Tracking the history of the railways
| By Prachi Bari|
|He is perhaps a man who knows too much about the Indian Railways. Meet journalist Rajendra Aklekar, an assistant editor with the English daily DNA in Mumbai, whose passion for railways gave way for the creation of The Bombay Railway History Group in 2002.|
“Trains fascinated me right from my childhood, as I used to travel by train to school from my home in Kurla to Matunga in the early 1990s. After school I always hung out with a bunch of friends near the tracks watching the speeding trains. The more I saw them, the greater was the interest in them and I started reading books on the subject,” he says.
He collected a lot of information from the books. “I learnt that the railway in Bombay was not only the country's first railway, but also the first railway in this part of the world, in Asia. While travelling by train daily, I noticed many of the relics and monuments that had been mentioned in the descriptive journey of the first train, in the books. More than 150 years later, many things were still there... as if the ghost of the first railway still lingered there.”
Years ago, the now 36-year-old Aklekar used to write a column in a local newspaper on history and heritage of railway stations in Mumbai. In 2002, he formed the Bombay Railway History Group to research further on the subject and has since been independently involved in documenting and researching the history of the Great Indian Peninsula Railway (GIP Railway), which is today known as the Central Railway with its head office at the erstwhile Victoria Terminus (Chatrapati Shivaji Terminus building), a world heritage site.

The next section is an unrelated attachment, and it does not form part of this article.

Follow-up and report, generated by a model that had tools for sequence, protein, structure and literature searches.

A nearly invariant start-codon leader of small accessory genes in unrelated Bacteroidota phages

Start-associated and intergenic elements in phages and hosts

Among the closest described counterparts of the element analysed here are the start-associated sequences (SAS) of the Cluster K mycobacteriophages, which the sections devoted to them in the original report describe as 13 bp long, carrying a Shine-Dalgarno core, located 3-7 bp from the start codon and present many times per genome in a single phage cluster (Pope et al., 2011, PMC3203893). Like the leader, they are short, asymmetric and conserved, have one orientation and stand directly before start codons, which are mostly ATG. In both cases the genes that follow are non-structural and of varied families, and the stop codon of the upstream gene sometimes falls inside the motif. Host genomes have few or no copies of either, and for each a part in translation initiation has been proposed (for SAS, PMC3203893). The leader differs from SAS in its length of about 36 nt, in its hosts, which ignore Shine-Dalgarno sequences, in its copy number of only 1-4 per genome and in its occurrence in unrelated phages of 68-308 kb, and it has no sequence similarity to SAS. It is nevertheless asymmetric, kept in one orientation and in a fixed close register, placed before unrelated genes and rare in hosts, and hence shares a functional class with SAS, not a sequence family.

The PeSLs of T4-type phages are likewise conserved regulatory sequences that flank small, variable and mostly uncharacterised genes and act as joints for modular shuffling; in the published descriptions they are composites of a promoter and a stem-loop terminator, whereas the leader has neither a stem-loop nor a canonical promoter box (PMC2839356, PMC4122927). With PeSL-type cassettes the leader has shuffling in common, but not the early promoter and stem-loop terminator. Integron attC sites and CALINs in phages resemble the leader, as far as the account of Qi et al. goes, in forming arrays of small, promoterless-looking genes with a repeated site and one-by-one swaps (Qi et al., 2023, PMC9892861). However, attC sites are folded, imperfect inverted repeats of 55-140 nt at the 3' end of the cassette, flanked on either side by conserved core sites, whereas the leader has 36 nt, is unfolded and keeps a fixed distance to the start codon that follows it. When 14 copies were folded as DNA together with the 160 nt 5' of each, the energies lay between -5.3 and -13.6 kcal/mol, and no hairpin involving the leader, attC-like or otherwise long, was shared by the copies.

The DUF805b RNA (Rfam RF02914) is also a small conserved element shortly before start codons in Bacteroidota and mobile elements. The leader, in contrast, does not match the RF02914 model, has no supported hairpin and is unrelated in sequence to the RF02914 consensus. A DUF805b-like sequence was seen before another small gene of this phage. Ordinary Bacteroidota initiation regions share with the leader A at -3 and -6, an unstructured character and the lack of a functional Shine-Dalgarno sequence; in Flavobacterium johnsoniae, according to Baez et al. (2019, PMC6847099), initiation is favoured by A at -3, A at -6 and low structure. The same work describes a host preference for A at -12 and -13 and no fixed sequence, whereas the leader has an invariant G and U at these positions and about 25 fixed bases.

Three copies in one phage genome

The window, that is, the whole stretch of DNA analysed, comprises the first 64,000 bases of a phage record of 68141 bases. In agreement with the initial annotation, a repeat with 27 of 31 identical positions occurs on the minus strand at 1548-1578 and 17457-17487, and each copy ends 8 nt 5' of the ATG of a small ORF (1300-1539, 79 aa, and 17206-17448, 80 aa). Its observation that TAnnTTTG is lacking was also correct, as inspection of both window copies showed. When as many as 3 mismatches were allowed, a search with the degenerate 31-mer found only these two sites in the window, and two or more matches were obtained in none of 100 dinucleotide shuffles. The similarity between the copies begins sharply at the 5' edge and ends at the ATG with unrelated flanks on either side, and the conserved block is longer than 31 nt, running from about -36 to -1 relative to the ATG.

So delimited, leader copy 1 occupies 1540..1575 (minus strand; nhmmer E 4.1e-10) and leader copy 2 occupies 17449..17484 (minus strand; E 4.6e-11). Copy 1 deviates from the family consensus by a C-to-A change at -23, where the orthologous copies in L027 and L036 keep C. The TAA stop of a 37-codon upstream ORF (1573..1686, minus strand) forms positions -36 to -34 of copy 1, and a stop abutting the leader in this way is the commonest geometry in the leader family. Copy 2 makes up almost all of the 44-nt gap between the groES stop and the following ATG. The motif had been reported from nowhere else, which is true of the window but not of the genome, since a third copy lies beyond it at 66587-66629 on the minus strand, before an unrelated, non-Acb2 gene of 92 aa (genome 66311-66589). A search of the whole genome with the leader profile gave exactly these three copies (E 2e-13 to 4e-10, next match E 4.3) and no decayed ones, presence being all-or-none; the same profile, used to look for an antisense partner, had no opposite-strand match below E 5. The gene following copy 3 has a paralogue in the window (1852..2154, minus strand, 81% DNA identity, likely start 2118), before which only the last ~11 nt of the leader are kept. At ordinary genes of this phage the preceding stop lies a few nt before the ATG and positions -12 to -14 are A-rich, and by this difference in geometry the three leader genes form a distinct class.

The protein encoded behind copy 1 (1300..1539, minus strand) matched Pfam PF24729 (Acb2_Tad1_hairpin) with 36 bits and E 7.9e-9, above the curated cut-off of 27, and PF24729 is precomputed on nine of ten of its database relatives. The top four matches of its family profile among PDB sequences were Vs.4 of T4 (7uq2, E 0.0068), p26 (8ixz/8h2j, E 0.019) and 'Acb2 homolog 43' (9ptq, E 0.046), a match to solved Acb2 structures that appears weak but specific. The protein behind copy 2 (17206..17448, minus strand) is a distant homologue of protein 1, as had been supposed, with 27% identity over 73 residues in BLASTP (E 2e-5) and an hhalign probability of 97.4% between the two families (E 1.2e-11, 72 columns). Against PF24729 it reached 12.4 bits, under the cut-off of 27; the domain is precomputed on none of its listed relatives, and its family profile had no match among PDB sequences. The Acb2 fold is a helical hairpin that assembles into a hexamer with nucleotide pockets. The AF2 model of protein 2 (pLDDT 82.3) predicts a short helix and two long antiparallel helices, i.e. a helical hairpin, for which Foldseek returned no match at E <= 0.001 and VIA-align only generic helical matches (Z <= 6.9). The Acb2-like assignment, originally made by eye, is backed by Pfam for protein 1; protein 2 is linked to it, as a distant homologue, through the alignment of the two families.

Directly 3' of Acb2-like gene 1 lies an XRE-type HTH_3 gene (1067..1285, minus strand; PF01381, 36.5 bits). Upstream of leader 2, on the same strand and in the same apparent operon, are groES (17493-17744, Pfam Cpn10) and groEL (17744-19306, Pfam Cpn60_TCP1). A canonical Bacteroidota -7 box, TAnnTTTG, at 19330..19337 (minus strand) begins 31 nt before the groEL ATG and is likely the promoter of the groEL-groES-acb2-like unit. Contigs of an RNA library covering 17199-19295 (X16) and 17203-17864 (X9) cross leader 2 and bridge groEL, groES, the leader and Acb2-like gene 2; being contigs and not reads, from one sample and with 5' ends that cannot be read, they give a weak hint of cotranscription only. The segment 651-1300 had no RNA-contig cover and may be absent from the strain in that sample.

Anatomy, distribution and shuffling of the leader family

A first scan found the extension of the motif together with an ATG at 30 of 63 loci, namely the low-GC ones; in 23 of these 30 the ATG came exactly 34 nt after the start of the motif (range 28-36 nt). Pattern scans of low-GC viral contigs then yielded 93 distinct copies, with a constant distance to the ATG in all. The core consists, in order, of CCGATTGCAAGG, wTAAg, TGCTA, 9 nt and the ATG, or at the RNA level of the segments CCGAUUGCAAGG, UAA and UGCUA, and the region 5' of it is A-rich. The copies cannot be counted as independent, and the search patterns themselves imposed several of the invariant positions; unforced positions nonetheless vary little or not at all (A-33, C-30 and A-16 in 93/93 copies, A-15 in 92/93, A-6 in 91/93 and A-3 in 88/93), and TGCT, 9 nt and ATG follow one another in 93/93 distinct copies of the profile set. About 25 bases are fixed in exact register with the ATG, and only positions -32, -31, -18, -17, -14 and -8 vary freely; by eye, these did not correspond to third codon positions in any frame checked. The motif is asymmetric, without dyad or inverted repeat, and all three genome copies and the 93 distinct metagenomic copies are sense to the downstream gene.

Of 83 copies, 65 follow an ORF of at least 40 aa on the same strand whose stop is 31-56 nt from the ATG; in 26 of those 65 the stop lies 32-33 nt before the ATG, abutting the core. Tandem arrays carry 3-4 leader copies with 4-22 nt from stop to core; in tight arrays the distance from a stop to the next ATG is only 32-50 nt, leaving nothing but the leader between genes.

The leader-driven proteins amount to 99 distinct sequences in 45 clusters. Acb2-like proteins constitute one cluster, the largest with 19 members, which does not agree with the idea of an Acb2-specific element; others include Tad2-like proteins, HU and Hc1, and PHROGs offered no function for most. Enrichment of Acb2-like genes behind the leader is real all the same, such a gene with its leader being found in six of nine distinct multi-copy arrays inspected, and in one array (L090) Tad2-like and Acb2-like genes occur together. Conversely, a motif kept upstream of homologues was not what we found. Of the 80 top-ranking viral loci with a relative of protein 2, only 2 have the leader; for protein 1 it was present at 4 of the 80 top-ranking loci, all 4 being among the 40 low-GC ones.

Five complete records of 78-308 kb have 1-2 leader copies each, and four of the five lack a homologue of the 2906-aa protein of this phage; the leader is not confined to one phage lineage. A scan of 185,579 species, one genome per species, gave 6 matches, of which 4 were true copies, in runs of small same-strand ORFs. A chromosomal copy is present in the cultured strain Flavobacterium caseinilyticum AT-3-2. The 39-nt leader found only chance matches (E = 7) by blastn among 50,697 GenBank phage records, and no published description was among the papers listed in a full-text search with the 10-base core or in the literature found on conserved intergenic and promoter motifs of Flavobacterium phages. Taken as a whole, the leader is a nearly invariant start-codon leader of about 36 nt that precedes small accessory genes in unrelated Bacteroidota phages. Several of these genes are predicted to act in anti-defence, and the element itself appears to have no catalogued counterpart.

The Bombay Railway History Group began simply as a mailing list of group of people interested in Bombay's railway heritage in specific and railway history and heritage in general. One of the prime activities of the group is to inform and alert the concerned railway authorities about unnoticed relics lying along the lines, document them, and make appeals for their conservation.
Aklekar first began to share his enthusiasm for the railways in the media as a journalist with The Daily in 1997-’98, after he convinced Rusi Karanjia to let him run a column on the history of the railways.
To learn more about heritage activities and get involved in it, he took formal training in museology and conservation and restoration from the Chhatrapati Shivaji Vaastu Sangrahalaya (formerly Prince of Wales Museum of Western India).
“I have started writing a book. I have plans for setting up a book archive cum museum,” says Aklekar, who has helped in the making of some documentary films on the railways, including, ‘Tracks of Empire,’ by Johan Sergeant for BBC, and Bombay Rail.